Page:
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This year, The Lawyer’s annual ranking of the largest UK law firms by turnover is available as an interactive, digital benchmarking tool. For the first time this will allow you to manipulate each data set against the metrics of your choice.
The IBA Employment and Industrial Relations Law Committee and the IBA Discrimination Law Committee conference, titled the Paradigm of Employment Law, started in New York this week.
The conference is taking place just as, before the US Supreme Court, lawyers are pleading in the case of whether Obamacare is constitutional or not. After months of anticipation, thousands of pages of briefs and more than six hours of arguments, the justices will vote on the fate of President Barack Obama’s healthcare overhaul, a law that influences the lives of millions of American citizens. This matter only underlines the impact lawyers and the legislature have on everyday’s life.
No part of the law is more in the heart of society than employment law. Everybody will at some point in time have to deal with matters such as pensions, reorganisations, transfers of undertakings, severance payments and rights of temporary employees.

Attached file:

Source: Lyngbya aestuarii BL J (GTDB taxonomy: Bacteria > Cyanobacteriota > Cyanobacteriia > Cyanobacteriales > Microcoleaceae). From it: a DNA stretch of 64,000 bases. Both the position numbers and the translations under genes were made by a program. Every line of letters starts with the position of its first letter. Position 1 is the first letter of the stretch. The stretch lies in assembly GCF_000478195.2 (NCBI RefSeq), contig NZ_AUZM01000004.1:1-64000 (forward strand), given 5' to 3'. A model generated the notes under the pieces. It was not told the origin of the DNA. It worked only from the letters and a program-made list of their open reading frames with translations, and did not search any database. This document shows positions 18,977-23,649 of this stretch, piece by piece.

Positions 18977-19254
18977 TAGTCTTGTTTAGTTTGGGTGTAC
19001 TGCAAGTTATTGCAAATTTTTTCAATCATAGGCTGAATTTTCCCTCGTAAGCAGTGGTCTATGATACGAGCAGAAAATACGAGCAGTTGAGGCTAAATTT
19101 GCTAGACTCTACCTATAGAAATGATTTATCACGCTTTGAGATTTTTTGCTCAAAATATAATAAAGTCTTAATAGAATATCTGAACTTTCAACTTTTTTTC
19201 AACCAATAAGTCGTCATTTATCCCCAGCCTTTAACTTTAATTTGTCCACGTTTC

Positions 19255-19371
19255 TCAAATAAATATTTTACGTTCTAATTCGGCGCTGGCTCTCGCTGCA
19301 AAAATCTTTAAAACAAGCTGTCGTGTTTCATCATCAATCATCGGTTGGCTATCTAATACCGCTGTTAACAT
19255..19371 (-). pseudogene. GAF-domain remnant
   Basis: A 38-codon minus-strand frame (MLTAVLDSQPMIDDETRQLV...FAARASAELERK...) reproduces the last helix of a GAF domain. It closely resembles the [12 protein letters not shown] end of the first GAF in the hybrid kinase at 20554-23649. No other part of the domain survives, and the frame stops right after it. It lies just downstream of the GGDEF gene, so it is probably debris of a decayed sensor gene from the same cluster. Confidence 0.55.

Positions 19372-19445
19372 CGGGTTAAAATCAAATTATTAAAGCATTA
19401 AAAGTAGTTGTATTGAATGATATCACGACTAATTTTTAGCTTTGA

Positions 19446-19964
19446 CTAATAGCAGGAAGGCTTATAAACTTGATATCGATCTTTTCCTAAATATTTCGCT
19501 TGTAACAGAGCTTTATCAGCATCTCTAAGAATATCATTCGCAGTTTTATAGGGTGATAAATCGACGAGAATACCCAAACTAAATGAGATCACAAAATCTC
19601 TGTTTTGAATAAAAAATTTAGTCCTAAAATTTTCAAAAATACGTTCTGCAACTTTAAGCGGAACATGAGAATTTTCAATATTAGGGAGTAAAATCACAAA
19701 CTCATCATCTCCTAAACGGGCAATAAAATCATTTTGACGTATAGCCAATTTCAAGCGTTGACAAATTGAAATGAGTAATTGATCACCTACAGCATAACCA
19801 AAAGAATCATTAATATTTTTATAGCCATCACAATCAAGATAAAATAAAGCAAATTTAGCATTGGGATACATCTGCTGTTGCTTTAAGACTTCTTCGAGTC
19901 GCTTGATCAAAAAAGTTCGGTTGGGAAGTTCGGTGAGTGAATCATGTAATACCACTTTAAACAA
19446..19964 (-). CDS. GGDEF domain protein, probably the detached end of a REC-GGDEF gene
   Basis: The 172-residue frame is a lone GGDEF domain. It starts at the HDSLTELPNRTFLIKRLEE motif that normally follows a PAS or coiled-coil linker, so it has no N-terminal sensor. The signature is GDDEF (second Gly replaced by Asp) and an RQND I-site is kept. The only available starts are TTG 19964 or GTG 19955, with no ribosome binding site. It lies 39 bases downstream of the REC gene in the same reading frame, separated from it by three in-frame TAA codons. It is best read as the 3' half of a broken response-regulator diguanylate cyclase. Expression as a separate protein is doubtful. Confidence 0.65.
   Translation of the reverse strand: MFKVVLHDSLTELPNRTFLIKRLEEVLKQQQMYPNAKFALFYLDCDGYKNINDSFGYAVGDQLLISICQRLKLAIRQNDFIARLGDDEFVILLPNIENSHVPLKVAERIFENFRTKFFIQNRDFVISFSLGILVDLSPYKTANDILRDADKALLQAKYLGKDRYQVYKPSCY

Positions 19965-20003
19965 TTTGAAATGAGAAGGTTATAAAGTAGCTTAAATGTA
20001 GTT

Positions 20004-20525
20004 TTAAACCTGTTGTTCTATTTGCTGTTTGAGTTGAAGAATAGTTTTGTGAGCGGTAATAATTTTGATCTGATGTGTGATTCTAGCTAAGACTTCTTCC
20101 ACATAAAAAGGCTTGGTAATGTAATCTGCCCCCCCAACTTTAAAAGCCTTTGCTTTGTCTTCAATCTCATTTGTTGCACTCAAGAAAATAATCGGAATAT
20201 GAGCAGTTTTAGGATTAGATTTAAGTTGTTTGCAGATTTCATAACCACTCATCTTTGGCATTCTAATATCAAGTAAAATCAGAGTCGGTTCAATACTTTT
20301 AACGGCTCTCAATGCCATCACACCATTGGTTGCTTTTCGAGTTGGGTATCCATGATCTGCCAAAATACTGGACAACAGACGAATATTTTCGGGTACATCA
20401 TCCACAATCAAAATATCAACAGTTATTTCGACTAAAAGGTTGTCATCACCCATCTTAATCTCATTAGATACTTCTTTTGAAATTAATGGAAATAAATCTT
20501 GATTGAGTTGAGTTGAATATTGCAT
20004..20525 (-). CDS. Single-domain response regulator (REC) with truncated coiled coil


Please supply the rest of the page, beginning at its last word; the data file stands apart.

Interestingly these matters are (no longer) the key issues to the employment law specialists from all over the world. This year’s topics included the challenges of cross-border investigations, cross-border litigation and the mobility of employees. Instead of comparing best practices in each country, these topics clearly put an accent on the globalisation of employment law.
The fact that employment law indeed has a global reach was confirmed by reality as on Wednesday a full page ad appeared in the New York Times. In the piece German T-Mobile trade union members asked the management of US T-Mobile subsidiaries to grant their US employees the same rights as their European colleagues. This advertisement only emphasised how global employment and labour law has become.
Global also applied to the participants of the conference. More than 260 employment lawyers from as far away as Australia, New Zealand, Chile and Japan found their way to New York. This underlines the fact that a speciality that until recently was considered merely national now has found a truly worldwide audience.
Stephan Swinkels is executive director of L&E Global, an integrated global alliance of employment law boutiques